The funeral of the late broadcaster Keelin Shanley has heard that she was a warm-hearted and incredibly curious person, who loved getting stories out of people.

In a moving eulogy, her husband Conor Ferguson said that they were there to celebrate a very full life, and that Keelin was a humble person who wanted to just get on with things.

The award-winning journalist died last Saturday aged 51 following an illness. 

President Michael D Higgins and Taoiseach Leo Varadkar were among those who attended the funeral at St Paul's Church in Glenageary, Co Dublin. 

Among the chief mourners at the humanist service were Keelin's husband, their children and her extended family, many friends and RTÉ colleagues.

They included chair of the RTÉ board Moya Doherty, Director-General Dee Forbes, and Managing Director of News and Current Affairs Jon Williams.

Mr Ferguson told the funeral service that Keelin would have been surprised and honoured at the reaction to her death, and that she was a person who was shy on the one hand while also doing a very public job.

He said she was loads of fun, but had a trajectory in mind for her career and was never afraid of any challenge. He said she loved her work, loved stories and loved people.

Mr Ferguson also thanked everyone for the messages they had got since her death, and said the family has been overwhelmed by the love and support shown to her - he said Keelin would have been stunned at the national reaction.

He gave particular thanks to the team at RTÉ News, especially Jon Williams, Deputy Managing Director Hilary McGouran, and her Six One co-anchor Caitríona Perry, as well as all of her friends in RTÉ News and Current Affairs.

Mr Ferguson also thanked St Vincent's Hospital, who he said could not have shown any more kindness.

He said everyone found Keelin charming, warm-hearted, whip smart, incredibly curious, bossy at times, stubborn and incredibly loving to all of her family. He said they had been very lucky to have her.

Celebrant Susie Kennedy said Keelin would be greatly missed in her public role as a journalist of great integrity, professionalism and compassion, and would be sorely missed by her family and many close friends.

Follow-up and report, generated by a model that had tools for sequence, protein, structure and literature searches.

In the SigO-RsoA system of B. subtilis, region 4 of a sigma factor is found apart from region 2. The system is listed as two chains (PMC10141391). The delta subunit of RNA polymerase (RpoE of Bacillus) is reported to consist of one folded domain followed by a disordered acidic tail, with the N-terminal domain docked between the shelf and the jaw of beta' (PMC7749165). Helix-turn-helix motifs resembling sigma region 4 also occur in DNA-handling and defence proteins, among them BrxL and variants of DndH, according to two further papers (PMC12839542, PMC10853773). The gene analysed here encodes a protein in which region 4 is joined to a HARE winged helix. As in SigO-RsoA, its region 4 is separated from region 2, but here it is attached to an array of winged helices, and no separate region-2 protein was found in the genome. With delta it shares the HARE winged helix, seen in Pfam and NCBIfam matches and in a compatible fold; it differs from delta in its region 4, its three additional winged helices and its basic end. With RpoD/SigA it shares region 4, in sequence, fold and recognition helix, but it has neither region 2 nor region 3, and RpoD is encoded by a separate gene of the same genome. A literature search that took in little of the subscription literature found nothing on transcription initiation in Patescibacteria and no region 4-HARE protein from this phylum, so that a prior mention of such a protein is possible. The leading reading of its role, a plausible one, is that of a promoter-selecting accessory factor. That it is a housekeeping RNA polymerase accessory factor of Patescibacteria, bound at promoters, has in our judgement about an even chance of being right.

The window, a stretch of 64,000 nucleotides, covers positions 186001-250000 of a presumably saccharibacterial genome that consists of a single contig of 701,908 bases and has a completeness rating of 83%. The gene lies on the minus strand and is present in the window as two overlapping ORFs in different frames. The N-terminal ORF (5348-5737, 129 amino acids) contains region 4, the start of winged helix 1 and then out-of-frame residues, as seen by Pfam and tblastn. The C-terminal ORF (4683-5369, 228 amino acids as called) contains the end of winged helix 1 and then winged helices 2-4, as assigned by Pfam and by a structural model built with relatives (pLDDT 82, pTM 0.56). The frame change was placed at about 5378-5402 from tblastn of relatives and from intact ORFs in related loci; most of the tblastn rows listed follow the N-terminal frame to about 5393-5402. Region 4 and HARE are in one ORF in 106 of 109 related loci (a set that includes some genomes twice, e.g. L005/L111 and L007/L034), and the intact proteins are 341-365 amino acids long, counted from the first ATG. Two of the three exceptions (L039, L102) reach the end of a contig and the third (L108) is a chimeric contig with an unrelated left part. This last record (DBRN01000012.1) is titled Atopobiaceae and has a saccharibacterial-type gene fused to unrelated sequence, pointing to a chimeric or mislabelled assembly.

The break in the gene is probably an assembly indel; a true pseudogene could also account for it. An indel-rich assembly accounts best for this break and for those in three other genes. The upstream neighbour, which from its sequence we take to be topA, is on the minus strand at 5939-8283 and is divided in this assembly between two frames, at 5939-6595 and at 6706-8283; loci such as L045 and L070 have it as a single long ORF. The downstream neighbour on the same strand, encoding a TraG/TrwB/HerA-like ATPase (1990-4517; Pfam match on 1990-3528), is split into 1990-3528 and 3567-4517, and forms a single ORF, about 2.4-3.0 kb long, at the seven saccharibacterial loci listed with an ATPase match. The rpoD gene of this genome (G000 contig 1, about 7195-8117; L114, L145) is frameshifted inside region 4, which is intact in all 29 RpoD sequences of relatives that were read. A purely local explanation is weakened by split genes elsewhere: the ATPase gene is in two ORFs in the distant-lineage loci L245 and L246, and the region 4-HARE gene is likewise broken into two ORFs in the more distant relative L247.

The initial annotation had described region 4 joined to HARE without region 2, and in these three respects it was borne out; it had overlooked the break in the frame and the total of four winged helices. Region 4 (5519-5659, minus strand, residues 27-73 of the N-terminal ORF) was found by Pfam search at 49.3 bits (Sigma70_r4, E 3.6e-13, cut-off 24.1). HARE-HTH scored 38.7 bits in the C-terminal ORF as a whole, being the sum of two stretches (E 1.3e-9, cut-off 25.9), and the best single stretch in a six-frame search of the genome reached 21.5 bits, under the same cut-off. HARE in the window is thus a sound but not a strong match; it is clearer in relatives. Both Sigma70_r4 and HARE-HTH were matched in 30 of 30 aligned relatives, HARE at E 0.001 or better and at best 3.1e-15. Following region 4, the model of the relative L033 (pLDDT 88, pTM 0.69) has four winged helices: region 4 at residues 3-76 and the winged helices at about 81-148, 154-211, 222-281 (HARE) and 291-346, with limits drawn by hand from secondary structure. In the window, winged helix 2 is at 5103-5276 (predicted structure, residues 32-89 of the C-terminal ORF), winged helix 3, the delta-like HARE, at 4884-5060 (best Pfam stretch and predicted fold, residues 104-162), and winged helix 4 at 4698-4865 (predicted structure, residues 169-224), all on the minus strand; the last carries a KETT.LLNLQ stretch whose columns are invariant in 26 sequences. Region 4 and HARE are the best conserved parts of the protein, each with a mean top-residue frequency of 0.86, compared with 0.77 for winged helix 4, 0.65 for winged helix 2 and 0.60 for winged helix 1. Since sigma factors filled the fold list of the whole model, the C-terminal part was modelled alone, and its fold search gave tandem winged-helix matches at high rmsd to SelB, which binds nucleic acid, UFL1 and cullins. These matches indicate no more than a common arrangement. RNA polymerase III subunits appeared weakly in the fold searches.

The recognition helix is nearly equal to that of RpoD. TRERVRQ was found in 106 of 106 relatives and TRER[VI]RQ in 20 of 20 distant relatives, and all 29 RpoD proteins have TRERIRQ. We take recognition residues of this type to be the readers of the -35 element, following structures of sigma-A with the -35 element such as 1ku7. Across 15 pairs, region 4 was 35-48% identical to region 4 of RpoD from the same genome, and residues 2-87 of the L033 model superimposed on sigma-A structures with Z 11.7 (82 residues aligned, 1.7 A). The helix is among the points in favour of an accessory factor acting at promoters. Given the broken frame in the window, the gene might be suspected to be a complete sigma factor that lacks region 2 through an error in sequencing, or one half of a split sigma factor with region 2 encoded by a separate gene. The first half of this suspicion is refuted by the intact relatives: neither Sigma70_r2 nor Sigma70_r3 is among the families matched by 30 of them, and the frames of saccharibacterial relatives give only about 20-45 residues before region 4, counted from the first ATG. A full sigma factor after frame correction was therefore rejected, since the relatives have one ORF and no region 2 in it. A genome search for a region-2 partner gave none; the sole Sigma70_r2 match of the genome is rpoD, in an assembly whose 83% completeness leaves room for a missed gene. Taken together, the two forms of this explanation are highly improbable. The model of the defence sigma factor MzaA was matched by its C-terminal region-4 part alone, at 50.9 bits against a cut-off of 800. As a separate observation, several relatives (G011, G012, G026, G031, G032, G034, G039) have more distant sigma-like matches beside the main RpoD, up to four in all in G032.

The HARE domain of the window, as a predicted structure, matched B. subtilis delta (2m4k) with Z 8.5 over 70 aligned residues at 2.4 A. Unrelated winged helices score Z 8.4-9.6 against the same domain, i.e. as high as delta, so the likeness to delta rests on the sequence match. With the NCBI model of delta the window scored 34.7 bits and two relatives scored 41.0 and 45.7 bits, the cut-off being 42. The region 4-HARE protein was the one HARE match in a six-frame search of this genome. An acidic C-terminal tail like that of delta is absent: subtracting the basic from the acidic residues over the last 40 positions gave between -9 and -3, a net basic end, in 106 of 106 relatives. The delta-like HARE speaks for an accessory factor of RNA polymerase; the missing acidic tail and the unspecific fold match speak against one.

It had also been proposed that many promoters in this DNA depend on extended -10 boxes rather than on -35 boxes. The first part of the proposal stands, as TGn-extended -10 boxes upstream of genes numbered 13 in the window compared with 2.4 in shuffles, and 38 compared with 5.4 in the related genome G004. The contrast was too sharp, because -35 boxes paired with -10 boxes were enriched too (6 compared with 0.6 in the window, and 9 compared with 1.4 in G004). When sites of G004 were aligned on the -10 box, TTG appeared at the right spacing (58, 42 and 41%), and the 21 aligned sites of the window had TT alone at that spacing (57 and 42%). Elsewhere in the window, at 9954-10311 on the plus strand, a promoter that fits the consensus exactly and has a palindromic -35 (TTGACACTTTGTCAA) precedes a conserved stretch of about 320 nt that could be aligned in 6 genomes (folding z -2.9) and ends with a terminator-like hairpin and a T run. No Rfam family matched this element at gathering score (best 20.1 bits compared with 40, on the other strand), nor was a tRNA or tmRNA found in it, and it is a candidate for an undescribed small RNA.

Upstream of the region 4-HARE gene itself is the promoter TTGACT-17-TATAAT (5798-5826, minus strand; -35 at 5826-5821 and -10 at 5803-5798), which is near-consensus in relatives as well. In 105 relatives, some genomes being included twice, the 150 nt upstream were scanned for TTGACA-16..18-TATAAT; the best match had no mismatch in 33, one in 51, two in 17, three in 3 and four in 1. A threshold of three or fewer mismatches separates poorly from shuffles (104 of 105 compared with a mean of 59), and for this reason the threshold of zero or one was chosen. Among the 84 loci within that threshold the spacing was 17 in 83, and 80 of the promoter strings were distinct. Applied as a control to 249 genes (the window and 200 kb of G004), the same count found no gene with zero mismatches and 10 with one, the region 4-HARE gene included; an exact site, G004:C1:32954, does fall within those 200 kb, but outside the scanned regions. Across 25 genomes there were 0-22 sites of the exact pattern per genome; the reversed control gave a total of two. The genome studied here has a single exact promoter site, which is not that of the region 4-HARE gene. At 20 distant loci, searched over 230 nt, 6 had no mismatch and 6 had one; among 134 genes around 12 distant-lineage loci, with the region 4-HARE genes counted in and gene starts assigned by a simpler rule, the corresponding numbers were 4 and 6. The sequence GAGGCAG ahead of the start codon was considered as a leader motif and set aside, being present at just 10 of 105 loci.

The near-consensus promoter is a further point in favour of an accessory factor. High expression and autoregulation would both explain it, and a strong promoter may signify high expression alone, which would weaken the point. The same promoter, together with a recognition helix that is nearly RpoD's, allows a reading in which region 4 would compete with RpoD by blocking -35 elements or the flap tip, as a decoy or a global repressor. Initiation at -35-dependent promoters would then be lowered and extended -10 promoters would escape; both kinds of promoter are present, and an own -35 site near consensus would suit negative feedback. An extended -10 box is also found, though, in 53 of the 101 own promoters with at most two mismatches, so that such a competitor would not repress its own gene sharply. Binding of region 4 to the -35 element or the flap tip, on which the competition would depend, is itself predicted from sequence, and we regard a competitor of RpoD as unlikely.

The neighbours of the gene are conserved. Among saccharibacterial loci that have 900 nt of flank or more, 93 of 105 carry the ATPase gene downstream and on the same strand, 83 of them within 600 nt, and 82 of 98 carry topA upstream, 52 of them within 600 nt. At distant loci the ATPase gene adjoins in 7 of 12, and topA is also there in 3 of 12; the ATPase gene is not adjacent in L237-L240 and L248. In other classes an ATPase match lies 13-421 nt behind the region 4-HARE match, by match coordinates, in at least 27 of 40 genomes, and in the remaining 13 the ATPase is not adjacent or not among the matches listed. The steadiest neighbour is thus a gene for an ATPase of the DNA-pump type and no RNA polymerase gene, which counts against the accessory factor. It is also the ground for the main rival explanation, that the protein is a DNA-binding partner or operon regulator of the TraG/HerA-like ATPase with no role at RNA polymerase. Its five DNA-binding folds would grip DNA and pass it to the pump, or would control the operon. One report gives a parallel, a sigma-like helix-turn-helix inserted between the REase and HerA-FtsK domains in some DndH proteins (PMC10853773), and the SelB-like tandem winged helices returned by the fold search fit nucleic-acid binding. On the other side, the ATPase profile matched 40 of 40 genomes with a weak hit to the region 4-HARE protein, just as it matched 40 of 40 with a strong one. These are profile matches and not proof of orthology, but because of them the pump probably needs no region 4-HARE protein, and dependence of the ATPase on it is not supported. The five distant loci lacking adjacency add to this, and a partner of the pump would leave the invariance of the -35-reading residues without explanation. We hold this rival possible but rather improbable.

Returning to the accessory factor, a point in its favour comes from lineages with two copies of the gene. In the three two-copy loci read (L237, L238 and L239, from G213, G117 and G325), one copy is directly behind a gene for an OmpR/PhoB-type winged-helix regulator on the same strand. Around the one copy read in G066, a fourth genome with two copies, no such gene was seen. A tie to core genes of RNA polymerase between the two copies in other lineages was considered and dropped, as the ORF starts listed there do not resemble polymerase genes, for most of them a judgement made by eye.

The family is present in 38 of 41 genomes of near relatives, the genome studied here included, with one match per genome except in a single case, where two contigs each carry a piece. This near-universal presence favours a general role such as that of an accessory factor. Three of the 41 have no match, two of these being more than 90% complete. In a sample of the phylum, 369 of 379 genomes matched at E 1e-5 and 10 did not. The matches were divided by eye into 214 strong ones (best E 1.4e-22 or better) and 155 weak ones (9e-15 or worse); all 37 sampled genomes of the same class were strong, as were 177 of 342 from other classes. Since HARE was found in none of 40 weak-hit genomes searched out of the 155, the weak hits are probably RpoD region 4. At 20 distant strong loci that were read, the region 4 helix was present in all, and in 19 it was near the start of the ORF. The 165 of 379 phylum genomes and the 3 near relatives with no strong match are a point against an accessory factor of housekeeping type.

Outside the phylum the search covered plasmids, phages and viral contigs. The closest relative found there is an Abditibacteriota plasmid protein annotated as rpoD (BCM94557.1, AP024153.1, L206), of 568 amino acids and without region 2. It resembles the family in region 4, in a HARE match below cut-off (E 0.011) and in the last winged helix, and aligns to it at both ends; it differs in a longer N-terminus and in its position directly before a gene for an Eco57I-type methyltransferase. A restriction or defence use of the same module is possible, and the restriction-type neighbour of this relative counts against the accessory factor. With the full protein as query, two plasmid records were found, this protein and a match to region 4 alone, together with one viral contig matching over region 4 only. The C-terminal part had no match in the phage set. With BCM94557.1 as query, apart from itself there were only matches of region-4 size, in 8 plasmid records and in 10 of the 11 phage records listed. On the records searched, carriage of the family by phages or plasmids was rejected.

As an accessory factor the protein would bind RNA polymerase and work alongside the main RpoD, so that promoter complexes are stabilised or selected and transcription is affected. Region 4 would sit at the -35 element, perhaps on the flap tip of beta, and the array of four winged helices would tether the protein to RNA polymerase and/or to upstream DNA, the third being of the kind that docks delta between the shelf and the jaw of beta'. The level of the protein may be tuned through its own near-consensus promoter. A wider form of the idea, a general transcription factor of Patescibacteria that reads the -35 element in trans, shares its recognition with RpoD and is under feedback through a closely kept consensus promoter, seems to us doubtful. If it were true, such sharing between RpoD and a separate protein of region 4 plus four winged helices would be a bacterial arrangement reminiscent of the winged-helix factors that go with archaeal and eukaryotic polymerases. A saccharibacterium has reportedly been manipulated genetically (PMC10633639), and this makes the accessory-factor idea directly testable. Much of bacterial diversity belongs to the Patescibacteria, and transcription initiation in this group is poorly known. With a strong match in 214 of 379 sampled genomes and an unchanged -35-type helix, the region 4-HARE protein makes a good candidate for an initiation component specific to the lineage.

In his eulogy, the journalist's brother Eoin recalled Keelin, the eldest sibling, as "filling the role of big sister admirably and with gusto".

He thanked her for introducing him to The Cure, The Smiths and Elvis Costello and admired her "endless curiosity".

Keelin was a voracious reader from an early age, he told mourners, and recalled her reading to him "long into the night, curled up next to her blue rag doll Lucy". Keelin would later give the name Lucy to her own daughter.

"She idolised Lucy and Ben," he said.

Eoin concluded his eulogy by revealing that, a week before she died, Keelin had told him: "I've had a wonderful life."

Keelin's close friend and colleague Niamh O'Connor said she had grown up in the corridors of RTÉ, and felt at home there.

Speaking of her award winning documentaries, she said Keelin was fearless and great fun to work with. With Keelin, she said you worked harder than you ever did before. 

She said it was a journalism of compassion and humanity, and that she raised our expectations for ourselves and what we did. She said she was good at life, and her only regret was leaving her family. 

She described Keelin as a "wickedly funny, irreverent, brilliant friend".

Music at the humanist service was provided by Liam Ó Maonlaí and Fiachna Ó Braonáin of the Hothouse Flowers, who performed 'This Is The Sea' by the Waterboys.